Paul, to the Corinthians, writes that the present form of this world is passing away; he encourages them to see through the distractions of daily living, to give up the drugs of distraction with which we dull our senses; to come to our sense of grace, of God’s power, of glory.

That is what repentance can do: restore our souls to grace, free our hearts from shame, open our minds to wonder.

The second promise of our Baptismal covenant reads,

“Will you persevere in resisting evil, and, whenever you fall into sin, repent and return to the Lord? I will, with God’s help.” (BCP)

The avoidance of evil is not passive but an active and persistent job of work. We know that too well in these days of media coverage and interconnectedness. But the spiritual work of repentance and returning, that is an undercurrent of daily life, a rhythm of fall and return, suspense and resolution, lost and found we come to our senses with one foot in the air, and God and our community calling us to turn, return, come back to reality.

The spiritual work of repentance and return is continual, and it is about living in the real world; not the world of illusions and disillusions, but the world created by God, redeemed and sustained by the God in whom we live and move and have our being. It is about seeing ourselves and one another through the lens of a loving God, the only reality. William Temple once wrote,

“To repent is to adopt God’s viewpoint in place of your own. There need not be any sorrow about it. In itself, far from being sorrowful, it is the most joyful thing in the world, because when you have done it you have adopted the viewpoint of truth itself, and you are in fellowship with God.”**

We don’t do it alone. We can’t do it alone.

To Nineveh, the city so loud that it could be heard across the sea, God sent Jonah, one grumpy and recalcitrant little prophet with a chip on his shoulder and horrible stench of fish guts. To the Corinthians he sent Paul. To the fishermen he sent Jesus.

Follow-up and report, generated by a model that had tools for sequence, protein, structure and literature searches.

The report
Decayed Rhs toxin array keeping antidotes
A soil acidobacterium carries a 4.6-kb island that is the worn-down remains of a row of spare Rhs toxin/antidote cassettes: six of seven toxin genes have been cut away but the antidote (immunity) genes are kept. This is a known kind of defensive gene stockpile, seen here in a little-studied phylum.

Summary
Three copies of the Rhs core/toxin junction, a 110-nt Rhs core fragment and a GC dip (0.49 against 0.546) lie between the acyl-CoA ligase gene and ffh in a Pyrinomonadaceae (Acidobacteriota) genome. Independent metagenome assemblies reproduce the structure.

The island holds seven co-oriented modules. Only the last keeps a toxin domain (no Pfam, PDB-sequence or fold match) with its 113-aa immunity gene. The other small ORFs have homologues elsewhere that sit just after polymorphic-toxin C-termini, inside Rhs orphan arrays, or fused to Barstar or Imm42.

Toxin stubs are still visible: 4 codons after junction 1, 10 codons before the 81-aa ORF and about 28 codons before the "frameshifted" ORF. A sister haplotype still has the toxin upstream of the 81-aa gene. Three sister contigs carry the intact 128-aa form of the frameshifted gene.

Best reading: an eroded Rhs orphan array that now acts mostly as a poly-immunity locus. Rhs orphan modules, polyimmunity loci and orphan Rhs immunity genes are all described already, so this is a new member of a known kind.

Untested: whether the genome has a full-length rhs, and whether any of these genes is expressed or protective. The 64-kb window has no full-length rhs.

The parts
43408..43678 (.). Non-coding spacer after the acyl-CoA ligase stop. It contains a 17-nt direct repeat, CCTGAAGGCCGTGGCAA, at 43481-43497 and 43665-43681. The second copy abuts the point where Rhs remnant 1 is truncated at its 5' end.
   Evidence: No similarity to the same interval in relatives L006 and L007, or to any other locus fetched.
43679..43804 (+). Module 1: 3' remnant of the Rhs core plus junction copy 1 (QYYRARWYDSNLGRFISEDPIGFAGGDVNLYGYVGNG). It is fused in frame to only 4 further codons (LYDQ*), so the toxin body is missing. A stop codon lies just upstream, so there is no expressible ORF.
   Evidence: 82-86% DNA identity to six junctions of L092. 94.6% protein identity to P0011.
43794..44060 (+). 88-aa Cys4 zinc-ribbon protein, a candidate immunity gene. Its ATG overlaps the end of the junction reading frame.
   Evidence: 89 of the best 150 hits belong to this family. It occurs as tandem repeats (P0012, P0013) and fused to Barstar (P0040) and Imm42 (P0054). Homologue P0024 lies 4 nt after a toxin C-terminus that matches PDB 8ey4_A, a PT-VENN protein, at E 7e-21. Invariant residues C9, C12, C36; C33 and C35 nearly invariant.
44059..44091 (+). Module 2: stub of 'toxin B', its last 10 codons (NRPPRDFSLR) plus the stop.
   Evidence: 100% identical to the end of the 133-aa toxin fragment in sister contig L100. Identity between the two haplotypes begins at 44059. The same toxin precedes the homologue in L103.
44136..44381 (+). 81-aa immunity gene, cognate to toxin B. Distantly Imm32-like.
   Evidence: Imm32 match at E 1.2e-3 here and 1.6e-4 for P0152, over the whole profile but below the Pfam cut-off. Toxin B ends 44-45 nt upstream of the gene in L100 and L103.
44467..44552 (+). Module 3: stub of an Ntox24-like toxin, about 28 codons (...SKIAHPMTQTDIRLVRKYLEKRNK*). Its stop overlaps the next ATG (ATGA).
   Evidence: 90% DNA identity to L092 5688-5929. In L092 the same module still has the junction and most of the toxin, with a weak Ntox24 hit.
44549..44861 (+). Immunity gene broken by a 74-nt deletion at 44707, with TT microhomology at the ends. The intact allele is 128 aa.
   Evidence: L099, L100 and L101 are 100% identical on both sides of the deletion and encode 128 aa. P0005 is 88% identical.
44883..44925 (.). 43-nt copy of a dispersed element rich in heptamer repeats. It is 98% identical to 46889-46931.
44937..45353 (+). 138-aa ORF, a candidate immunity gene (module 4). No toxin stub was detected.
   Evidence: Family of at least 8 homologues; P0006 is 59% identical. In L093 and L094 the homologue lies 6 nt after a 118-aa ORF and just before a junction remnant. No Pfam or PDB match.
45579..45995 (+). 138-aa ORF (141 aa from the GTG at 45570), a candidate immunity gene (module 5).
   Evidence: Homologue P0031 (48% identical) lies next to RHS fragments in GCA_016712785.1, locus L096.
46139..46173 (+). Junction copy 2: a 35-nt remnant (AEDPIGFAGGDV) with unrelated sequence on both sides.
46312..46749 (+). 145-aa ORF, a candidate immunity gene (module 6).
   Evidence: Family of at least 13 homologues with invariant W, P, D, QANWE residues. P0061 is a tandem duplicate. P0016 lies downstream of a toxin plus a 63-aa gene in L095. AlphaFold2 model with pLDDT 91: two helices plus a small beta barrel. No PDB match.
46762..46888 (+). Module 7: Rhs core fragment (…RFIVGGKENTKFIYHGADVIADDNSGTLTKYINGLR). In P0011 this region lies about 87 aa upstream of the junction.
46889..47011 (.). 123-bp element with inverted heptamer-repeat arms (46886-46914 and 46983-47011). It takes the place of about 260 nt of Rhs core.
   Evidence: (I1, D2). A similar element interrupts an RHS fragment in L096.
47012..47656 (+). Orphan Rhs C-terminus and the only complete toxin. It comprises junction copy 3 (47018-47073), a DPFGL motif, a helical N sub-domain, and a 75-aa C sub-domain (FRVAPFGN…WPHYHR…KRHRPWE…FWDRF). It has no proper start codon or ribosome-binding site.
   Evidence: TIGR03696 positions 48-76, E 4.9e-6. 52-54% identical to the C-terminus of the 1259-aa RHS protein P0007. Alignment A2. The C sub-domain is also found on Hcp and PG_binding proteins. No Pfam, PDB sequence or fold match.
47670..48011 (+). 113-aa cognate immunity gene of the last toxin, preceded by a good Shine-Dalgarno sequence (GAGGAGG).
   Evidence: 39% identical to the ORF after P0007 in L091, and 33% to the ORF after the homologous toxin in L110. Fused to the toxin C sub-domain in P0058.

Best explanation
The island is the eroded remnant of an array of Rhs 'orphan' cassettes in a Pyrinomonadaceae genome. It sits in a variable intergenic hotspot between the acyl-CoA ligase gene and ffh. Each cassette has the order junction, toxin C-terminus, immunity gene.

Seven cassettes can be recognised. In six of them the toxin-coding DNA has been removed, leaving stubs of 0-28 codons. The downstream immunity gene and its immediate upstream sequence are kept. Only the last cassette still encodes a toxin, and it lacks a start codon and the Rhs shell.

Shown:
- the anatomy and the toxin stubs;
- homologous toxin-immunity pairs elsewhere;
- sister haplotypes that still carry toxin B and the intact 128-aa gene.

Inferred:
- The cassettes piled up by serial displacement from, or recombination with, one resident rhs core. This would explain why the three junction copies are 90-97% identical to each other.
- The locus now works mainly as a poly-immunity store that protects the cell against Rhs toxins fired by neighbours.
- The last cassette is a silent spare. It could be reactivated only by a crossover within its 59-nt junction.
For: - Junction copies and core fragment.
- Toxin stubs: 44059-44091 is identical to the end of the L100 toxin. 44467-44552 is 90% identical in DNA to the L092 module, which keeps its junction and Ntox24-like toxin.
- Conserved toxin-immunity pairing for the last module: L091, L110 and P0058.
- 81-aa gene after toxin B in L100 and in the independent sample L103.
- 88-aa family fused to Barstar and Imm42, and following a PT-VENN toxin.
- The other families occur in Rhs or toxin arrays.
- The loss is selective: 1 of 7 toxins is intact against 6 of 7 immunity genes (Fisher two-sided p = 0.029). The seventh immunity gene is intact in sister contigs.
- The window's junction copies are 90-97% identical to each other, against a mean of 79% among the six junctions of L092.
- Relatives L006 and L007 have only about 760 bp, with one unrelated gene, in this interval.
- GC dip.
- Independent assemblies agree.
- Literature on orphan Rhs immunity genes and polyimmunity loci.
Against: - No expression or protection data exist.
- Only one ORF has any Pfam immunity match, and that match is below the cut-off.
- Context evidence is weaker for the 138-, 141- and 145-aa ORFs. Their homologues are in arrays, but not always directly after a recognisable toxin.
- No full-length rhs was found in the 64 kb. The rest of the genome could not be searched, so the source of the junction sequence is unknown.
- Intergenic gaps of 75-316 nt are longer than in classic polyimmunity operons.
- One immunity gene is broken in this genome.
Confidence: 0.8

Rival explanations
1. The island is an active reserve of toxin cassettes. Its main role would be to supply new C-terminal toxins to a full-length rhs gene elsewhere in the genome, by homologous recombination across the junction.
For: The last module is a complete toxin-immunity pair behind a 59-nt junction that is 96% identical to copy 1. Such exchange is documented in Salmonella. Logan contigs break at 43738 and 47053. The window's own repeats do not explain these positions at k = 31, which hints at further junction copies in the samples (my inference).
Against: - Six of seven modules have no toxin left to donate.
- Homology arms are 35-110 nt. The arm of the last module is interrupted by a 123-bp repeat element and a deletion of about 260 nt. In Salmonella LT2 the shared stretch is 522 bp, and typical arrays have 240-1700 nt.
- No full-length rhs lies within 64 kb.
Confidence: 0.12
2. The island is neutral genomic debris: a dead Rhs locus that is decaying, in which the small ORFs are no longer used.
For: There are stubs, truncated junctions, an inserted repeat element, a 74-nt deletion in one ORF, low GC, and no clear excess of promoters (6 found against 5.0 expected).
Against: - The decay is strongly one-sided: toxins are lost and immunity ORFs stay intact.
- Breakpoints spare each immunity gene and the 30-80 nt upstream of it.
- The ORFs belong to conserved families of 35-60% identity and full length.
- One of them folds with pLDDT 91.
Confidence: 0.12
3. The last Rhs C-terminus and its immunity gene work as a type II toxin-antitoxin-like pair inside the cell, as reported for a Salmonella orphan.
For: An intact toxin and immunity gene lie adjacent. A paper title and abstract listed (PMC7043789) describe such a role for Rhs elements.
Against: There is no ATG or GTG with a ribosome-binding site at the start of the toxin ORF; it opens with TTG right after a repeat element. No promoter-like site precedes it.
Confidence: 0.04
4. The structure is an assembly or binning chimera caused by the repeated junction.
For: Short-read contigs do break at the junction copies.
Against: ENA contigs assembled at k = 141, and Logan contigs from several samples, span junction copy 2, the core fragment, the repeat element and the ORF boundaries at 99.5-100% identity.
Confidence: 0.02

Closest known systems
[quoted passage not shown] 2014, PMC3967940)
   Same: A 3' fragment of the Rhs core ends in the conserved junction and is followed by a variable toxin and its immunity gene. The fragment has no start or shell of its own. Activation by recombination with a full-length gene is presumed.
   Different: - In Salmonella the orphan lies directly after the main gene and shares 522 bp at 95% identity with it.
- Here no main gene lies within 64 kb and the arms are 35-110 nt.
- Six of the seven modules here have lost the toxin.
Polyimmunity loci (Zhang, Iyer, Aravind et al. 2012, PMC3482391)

We get to hear them all. Left to ourselves, lost in our own little worlds of individuality, illusion, self-delusion we might be lost, we might even fall. But we are not left alone.

We have one another. We have the voices, perhaps, of our parents, or our godparents, calling us back from the edge of the cliff, calling us back to our senses. We have our faith community, to help us work out together where the path should go, when we are lost. We have one another, to help each other along the way, when someone needs help to turn around, or move forward, or go back.

When repentance happens – and it can, it should happen every day that our senses are alive – when repentance happens, it should stop us in our tracks. It should bring us to our knees. It should lift us to the skies. It should restore our souls to grace and to glory, offering us a God’s-eye view of our lives and the lives of those we are called to love, with God’s help.


*Frederick Buechner, Wishful thinking: a seeker’s ABC, revised and expanded edition (HarperSanFrancisco, 1993), 96

**William Temple, Christian Faith and Life, 67, quoted in L. William Countryman, Forgiven and Forgiving (Morehouse Publishing, 1998), 2

About Rosalind C Hughes

Rosalind C Hughes is a priest and author living near the shores of Lake Erie. After growing up in England and Wales, and living briefly in Singapore, she is now settled in Ohio. She serves an Episcopal church just outside Cleveland. Rosalind is the author of A Family Like Mine: Biblical Stories of Love, Loss, and Longing , and Whom Shall I Fear? Urgent Questions for Christians in an Age of Violence, both from Upper Room Books. She loves the lake, misses the ocean, and is finally coming to terms with snow.